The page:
The safest thing to do is to stick with the oil recommended by the manufacturer of your car. If they do not recommend dual-purpose oil, don’t allow a mechanic to talk you into using it.

Use the correct type of synthetic oil – Oil changes

More and more car manufacturers are designing their engines to take advantage of the increased lubricity of fully synthetic oils. The main advantage of synthetic oil is that since they are distilled from various hydrocarbon-rich gases, the resulting molecules are all exactly the same size, which is not the case with refined crude oil.
The uniform size of synthetic oil molecules allow for smaller engineering tolerances in engines, as well as the use of new-generation steels that have a natural affinity for synthetic oil molecules. This means that the steel “attracts” a protective film of oil which clings to wear surfaces, even if the engine is not working. This provides almost perfect lubrication during cold starts, which goes a long way toward eliminating mechanical wear.
However, even fully synthetic oils require the addition of additives like friction modifiers and detergents, and herein lies a potential problem. European car makers are allowed to develop specific oil formulations for use in their products, which is something American car makers do not do. The only standards American oils have to comply with have to do with the Clean Air Act, and they don’t have to make provision for special lubrication requirements.
One example of special lubrication requirements is the fuel injection system in some new Volkswagen diesel engines. These systems use pressure pumps that are driven directly by the engine, and using incorrectly formulated synthetic oil can destroy the pump.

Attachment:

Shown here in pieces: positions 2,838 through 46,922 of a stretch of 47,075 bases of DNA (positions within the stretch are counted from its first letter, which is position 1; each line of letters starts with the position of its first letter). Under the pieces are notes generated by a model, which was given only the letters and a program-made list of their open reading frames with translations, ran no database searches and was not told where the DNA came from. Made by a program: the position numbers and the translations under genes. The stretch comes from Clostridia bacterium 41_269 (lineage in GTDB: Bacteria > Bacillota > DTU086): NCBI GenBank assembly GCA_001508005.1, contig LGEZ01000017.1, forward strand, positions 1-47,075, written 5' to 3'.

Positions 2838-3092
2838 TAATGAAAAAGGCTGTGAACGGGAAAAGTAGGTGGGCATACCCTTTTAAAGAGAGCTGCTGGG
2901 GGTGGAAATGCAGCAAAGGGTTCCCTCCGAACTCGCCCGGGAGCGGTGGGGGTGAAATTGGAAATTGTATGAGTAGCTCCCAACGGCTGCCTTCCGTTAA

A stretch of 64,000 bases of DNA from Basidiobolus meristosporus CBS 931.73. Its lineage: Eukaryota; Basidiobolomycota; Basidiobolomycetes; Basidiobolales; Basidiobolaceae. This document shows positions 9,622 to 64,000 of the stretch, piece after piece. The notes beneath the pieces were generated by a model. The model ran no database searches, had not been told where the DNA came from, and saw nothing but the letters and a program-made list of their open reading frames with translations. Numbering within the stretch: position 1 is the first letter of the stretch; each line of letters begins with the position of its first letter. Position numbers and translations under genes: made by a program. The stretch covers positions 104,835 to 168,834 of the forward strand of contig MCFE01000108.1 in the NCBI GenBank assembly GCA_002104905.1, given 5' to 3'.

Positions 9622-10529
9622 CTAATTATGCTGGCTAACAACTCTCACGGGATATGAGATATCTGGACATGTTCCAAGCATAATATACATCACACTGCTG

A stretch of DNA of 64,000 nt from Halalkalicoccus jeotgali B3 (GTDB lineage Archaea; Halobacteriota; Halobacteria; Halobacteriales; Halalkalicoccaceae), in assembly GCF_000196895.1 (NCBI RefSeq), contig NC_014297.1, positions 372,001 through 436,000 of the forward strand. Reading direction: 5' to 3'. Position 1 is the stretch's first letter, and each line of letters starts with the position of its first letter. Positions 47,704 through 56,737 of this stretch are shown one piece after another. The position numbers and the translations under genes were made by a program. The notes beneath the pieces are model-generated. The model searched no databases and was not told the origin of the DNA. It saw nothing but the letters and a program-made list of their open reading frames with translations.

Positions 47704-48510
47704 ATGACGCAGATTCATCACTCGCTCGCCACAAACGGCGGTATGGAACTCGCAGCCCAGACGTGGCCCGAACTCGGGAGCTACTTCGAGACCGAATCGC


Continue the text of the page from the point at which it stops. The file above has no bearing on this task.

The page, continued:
If you drive an imported European car, make sure that the synthetic oil you get during a routine oil changes is formulated for the specific needs of your engine. Make sure that the European oil standards, as opposed to only the SAE (Society of Automotive Engineers) standards are displayed on the container, and that the formulation conforms to the requirements of your engine.

Don’t use mineral oil if you need synthetic oil – Oil changes

Substituting mineral oil for synthetic oil is a foolish economy. Engines that are designed for synthetic oil are also fitted with emission control systems that are designed to cope with synthetic oil. Apart from the fact that mineral oil cannot lubricate an engine that is designed to be lubricated with synthetic oil, the fact is that mineral oil can, and does, damage catalytic converters, oxygen sensors, and other emission control components.
There is simply no way to repair a catalytic converter that has been damaged by mineral oil. The only remedy is replacement of the catalytic converter, along with all the other damaged emission control components. The total cost of such a repair will make the money you “saved” by using mineral oil look like a tiny drop in a vast ocean, so do yourself a favor and use the correct oil- every time.